Welcome!

Pediatric Physicians, PC is a friendly and welcoming medical practice for your children. Our two offices in Alpharetta and Roswell are staffed by devoted, board-certified pediatricians, practicing the best state-of-the-art pediatric care from newborns to teens, including a 100% commitment to keep your children up to date on vaccines.

We’re easy to reach by telephone–no annoying phone tree!–and there’s plenty of free parking right at the doors of both offices. Same-day sick appointments are always available.

We’re here when you need us, and we’re here to help.

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Fighting mosquitoes: It’s us versus them!

Prevention

Try to keep your local mosquito population under control by making it more difficult for the insects to breed. Empty any containers of standing water: tires, empty flowerpots,  birdbaths, gutters, and drainage pipes.

Biting mosquitoes are most active at dusk, so that’s the most important time to be vigilant with your prevention techniques. Light colored clothing is less attractive to mosquitoes.

Use a good mosquito repellent. The best-studied and most commonly available active ingredient is DEET. This chemical has been used for decades as an insect repellant and is very safe. Two other agents that are effective insect repellants are picaridin and oil of lemon eucalyptus. Other products, including a variety of botanical ingredients, work for only a very short duration, or not at all.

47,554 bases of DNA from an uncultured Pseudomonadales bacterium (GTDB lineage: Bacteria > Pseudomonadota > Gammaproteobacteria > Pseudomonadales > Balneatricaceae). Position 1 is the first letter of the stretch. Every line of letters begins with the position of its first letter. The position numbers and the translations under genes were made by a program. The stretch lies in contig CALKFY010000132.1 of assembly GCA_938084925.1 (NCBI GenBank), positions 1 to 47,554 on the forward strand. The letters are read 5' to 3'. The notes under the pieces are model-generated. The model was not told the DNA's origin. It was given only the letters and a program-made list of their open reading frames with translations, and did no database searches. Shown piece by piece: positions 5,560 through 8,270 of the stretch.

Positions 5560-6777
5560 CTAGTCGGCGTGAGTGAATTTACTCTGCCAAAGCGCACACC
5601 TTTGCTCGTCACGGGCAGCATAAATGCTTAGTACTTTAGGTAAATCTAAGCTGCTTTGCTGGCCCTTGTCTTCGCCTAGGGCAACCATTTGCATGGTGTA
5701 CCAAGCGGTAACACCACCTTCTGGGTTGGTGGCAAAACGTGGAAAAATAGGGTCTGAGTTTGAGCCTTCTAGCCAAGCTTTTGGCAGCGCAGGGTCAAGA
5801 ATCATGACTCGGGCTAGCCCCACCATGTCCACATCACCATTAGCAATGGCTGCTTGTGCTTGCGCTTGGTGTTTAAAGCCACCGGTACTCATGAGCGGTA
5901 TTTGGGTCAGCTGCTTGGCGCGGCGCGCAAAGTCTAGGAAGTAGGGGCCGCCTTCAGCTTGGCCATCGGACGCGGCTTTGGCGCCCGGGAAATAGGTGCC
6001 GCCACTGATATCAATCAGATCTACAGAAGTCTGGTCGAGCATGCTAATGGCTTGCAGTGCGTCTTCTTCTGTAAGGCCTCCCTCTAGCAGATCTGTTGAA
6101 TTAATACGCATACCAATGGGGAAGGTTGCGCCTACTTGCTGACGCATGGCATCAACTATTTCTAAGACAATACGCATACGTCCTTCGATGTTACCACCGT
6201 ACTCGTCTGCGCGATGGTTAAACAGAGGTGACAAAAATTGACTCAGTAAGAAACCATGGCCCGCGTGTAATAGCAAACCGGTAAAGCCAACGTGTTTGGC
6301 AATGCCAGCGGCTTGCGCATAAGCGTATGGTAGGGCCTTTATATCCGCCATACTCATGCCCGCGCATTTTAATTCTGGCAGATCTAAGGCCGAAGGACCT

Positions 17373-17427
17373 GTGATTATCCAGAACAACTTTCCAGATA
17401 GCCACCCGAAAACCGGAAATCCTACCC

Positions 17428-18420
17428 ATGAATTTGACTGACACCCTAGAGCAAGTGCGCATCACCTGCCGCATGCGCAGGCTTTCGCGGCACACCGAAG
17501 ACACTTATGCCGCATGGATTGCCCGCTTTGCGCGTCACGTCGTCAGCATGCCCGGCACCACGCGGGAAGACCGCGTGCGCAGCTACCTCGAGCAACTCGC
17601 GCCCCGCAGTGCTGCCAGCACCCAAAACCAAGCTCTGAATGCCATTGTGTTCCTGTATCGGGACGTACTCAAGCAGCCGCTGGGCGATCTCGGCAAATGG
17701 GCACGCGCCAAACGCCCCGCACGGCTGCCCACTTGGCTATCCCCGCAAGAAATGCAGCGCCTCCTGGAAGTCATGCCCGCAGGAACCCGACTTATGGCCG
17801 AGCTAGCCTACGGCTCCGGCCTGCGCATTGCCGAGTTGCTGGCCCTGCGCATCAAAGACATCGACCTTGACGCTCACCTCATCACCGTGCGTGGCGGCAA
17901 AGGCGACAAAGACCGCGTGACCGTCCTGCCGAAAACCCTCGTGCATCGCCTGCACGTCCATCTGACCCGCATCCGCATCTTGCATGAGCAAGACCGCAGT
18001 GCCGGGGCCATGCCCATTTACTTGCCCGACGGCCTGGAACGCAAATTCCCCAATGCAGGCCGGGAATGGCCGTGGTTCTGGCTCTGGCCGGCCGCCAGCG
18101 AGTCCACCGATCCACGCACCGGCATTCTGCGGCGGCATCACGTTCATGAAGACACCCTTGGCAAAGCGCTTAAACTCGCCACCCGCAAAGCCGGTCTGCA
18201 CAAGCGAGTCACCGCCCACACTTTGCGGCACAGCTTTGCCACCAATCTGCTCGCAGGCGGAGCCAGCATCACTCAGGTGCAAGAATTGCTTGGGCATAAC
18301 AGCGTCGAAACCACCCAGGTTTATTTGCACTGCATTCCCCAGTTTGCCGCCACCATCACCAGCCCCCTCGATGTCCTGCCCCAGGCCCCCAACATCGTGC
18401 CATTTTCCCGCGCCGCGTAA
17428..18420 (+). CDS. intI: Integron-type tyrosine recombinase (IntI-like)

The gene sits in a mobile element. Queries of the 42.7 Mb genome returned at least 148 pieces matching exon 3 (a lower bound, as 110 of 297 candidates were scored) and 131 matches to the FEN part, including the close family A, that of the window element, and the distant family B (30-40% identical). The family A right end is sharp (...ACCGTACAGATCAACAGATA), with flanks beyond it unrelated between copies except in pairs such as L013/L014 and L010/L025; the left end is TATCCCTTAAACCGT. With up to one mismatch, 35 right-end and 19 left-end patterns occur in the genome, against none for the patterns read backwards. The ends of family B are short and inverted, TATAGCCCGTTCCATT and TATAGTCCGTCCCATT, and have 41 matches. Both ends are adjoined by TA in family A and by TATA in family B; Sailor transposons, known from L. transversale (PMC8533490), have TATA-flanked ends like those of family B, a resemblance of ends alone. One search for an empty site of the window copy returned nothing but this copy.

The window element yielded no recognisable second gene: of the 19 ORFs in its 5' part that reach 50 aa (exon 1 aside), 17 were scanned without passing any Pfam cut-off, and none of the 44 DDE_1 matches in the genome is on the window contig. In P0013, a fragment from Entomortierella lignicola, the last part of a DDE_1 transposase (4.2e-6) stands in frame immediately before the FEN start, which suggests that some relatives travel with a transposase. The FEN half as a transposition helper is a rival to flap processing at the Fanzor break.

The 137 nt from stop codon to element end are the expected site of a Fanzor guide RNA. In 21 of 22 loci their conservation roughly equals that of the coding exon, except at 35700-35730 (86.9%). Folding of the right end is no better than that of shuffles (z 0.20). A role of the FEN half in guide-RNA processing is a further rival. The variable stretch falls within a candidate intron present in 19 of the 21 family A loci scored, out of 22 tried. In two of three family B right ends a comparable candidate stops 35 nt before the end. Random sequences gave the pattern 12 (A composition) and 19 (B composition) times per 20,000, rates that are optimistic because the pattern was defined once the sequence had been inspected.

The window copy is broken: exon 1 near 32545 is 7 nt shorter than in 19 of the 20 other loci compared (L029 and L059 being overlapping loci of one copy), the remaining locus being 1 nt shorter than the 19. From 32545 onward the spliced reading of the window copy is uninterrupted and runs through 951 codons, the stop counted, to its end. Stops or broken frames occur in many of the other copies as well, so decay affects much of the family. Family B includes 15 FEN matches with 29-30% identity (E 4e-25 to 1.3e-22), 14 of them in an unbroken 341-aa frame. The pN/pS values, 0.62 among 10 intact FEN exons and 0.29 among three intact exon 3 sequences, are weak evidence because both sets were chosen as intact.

Consider yard sprays or traps to reduce the local mosquito population.

Treatment

After any mosquito bite, give an oral antihistamine like Zyrtec or Claritin. Typical doses are listed below. For kids who get bitten a lot, it is best to give an oral antihistamine daily, before the bites.

Apply a topical steroid, like OTC hydrocortisone 1%, twice a day. If bites are severe we may need to see your child, to consider prescribing a stronger topical steroid like triamcinolone or desonide. Do not use strong prescription steroids near the eyes.

Come see us if you are worried or there are signs of infection: pain or worsening swelling/redness/warmth that continues to get worse even 24 hours after the bite.

Antihistamine doses (these are dosed ONCE A DAY):

  Age 2-6 Age 6 and up
Claritin 1 tsp 2 tsp or

1 adult pill

Zyrtec 1 tsp 2 tsp or

1 adult pill

More about mosquito bite prevention and treatment, and why some kids get bitten more than others

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The Pediatric Physicians PC Immunization Policy

There is nothing more important than the health and safety of your children. That’s why all of the physicians at Pediatric Physicians, PC have always been strong advocates of vaccinations. Making sure the children in our practice are fully vaccinated is the single most important thing we can do to keep your children and our communities safe.

This doesn’t just apply to the children who are patients in our practice—it’s just as true for the children of your doctors, and of our staff. Our doctors have 20 of their own children, and 2 grandchildren, all fully and completely vaccinated, on time and on schedule, using the same vaccines we have in our office. Our staff has a combined 52 children and 8 grandchildren, all fully vaccinated.

Unfortunately, not all children can be safely vaccinated. We see patients with immune problems, and cancer, and organ transplants—children who can’t be vaccinated. We also see special needs kids and premature babies at special risk for complications from infections. We need to do our absolute best to make sure that our office and waiting rooms are safe for all children, even those who can’t be protected with vaccines. That makes it especially important that every single child who can get their immunizations gets them. On time, to protect all of us.